As a dual screen device, multi tasking is the default assumption of how people would use it. For that, it will need a pretty large amount of RAM. Microsoft is not known for making powerful devices. All the Surfaces are underpowered to say the least. I hope Duo can have 8 GB of RAM to start with, but I expect it to come with 6 GB as the base configuration.


Now, let’s talk about the camera. Smart phones nowadays are almost entirely judged by how good the camera is. Unfortunately, camera need light to come in which need physical space to fit a lens. Given the thickness of Duo, it’s going to have a less than average camera for sure. I know that there’s patens about how to combine two sides of the device to form a thick enough body for a two part camera system where you can only use it when flipped closed, but it’s no where near practical to be used in real world.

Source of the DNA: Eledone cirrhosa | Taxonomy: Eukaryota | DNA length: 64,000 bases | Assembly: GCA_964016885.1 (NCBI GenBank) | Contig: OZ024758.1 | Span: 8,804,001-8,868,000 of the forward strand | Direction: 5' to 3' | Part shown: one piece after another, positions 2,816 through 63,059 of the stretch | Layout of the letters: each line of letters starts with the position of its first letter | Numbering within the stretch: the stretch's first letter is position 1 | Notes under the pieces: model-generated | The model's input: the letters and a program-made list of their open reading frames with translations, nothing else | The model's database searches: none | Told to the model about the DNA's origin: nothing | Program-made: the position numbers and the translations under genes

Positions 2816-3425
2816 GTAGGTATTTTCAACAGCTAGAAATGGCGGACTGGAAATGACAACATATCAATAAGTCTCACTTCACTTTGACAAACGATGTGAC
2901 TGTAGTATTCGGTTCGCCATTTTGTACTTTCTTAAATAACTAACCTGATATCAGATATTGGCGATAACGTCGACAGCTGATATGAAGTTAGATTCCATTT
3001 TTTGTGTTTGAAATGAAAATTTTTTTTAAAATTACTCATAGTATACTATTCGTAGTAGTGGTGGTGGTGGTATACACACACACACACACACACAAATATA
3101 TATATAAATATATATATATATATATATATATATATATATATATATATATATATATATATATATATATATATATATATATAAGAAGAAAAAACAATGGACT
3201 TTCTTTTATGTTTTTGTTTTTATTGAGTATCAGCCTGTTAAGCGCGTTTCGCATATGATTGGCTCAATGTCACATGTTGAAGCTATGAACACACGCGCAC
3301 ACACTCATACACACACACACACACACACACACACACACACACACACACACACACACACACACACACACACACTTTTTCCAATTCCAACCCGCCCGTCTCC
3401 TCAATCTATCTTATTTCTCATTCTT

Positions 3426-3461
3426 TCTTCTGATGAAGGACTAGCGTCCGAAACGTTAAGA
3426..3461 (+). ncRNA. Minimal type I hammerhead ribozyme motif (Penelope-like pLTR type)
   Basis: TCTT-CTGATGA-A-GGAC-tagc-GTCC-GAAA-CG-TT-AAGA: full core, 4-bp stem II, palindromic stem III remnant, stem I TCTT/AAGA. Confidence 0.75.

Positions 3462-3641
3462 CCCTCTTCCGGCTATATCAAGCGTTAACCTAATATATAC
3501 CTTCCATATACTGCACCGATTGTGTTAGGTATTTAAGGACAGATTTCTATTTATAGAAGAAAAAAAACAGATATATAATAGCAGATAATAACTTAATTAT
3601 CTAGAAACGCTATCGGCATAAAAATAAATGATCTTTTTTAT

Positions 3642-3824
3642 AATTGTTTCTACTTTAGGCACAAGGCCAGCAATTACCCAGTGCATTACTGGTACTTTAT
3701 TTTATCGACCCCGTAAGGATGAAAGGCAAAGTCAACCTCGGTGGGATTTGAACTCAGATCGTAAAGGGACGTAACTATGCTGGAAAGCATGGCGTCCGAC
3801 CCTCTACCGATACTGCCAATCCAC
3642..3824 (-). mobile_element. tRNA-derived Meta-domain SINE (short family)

Well, it’s not going to be pitched as the camera phone anyway. Expect it to be the worst camera on a phone you will see in 2020. It’s going to be worse than even mid range phones.


Software is going to be the key part of this device’s experience. Without proper app support, it’s going to be very hard to have a consistent user experience. Some app will be able to split between two screen and scale properly while doing so. Users will be able to drag the apps to the top of the screen and the app will scale up like a desktop app without reopening itself. However, if an app does not support this, it may be need to be reopened to be spanned across both screens. Even it opens, we still have the issue where the content might get blocked by the seem down in the middle since the app is not aware of it.